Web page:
Working in zero privacy: new monitoring technology tracks every motion and word
Although it's not shocking that companies like Gensler have automated on/off sensors in their lighting grid to save energy when no one's in the office, it's slightly less comforting to realize that many companies are now using sensors to monitor when employees are at their desks, if they're... View full entry
Turkey completes more than half of 317 mile-long Syrian border wall
Seeking to stem migration to Europe, the EU has remained largely silent about the wall's impact on people seeking asylum
— Deutsche Welle
Welcome to the age of walls.Turkey has completed more than half of a planned 511-kilometer wall along its border with Syria. The government says it will improve security, but rights groups warn refugees fleeing war will be stuck on the Syrian side.Turkey has erected 290 kilometers (180 miles) of a... View full entry
The Department of Homeland Security issues presolicitation for the border wall
The Department of Homeland Security, Customs and Border Protection has announced that it will solicit proposals for President Trump’s proposed “border wall” beginning on March 6. According to the announcement, published on FedBizOpps.gov, the solicitation will be for several design-build... View full entry
Editor's Picks #464
Nicholas Korody, published HGTV Theory: Tiny House Hunters, Debt Resistors. Wherein he ponders "Are tiny homes the pots of today? Are tiny homeowners the Diogenes of the 21st century? Their lifestyle, a hyperbolic negation of some of the dominant values that define contemporary domesticity, draw... View full entry
How New York City's luxury housing tax could finance affordable units
While President Trump talks repeatedly about fixing America’s inner cities, it’s a good bet that in the coming years, New York and other large metropolitan areas will need to be more self-reliant in solving pressing problems, especially low-income housing. [...]
Fortunately, there’s an already tested alternative: an annual luxury housing tax, levied on new high-end condos and rentals, which would feed a self-sustaining fund dedicated to develop truly affordable units.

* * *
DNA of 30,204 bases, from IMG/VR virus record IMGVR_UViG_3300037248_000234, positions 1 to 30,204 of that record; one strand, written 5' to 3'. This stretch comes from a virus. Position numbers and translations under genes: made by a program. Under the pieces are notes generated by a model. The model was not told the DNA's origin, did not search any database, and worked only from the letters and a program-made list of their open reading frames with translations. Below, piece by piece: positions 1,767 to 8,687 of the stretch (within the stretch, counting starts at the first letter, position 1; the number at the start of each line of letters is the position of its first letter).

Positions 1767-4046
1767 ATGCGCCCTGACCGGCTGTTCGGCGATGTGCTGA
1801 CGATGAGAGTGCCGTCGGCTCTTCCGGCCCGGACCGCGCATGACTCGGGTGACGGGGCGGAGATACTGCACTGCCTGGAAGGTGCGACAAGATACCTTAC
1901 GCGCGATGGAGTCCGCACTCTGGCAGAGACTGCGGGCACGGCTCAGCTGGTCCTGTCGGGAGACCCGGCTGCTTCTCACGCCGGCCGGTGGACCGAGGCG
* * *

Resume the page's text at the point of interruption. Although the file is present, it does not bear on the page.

— New York Times Op-Ed by Eric Uhlfelder
Harvard Graduate School of Design announces Richard Rogers Fellows
Harvard’s GSD has announced the 2017 winners of the Richard Rogers Fellowship, a new residency program to be hosted at the Wimbledon House. The Wimbledon House was designed by acclaimed architect Lord Richard Rogers for his parents in the 60s and generously gifted to Harvard.The landmarked... View full entry
Architecture Billings Index in January enters 2017 with modest decrease
The Architecture Billings Index (ABI) dipped slightly into negative territory in January, after a very strong showing in December. [...] The American Institute of Architects (AIA) reported the January ABI score was 49.5, down from a score of 55.6 in the previous month. This score reflects a minor decrease in design services (any score above 50 indicates an increase in billings). The new projects inquiry index was 60.0, up from a reading of 57.6 the previous month.
“This small decrease in activity, taking into consideration strong readings in project inquiries and new design contracts, isn’t exactly a cause for concern,” said AIA Chief Economist, Kermit Baker, Hon. AIA, PhD. “The fundamentals of a sound nonresidential design and construction market... View full entry
Duvall Decker Architects combine greater agency and public outreach to benefit Mississippi (and the profession at large)
Since they founded Duvall Decker nearly 20 years ago, the Deckers, as they’re known, have focused mostly on neglected corners in and around Jackson, Mississippi’s capital. To pay the bills, the two have redefined for themselves the ambit of a small architectural practice. They have become developers and even branched into building maintenance: a soup-to-nuts strategy that has allowed them more than just financial breathing room.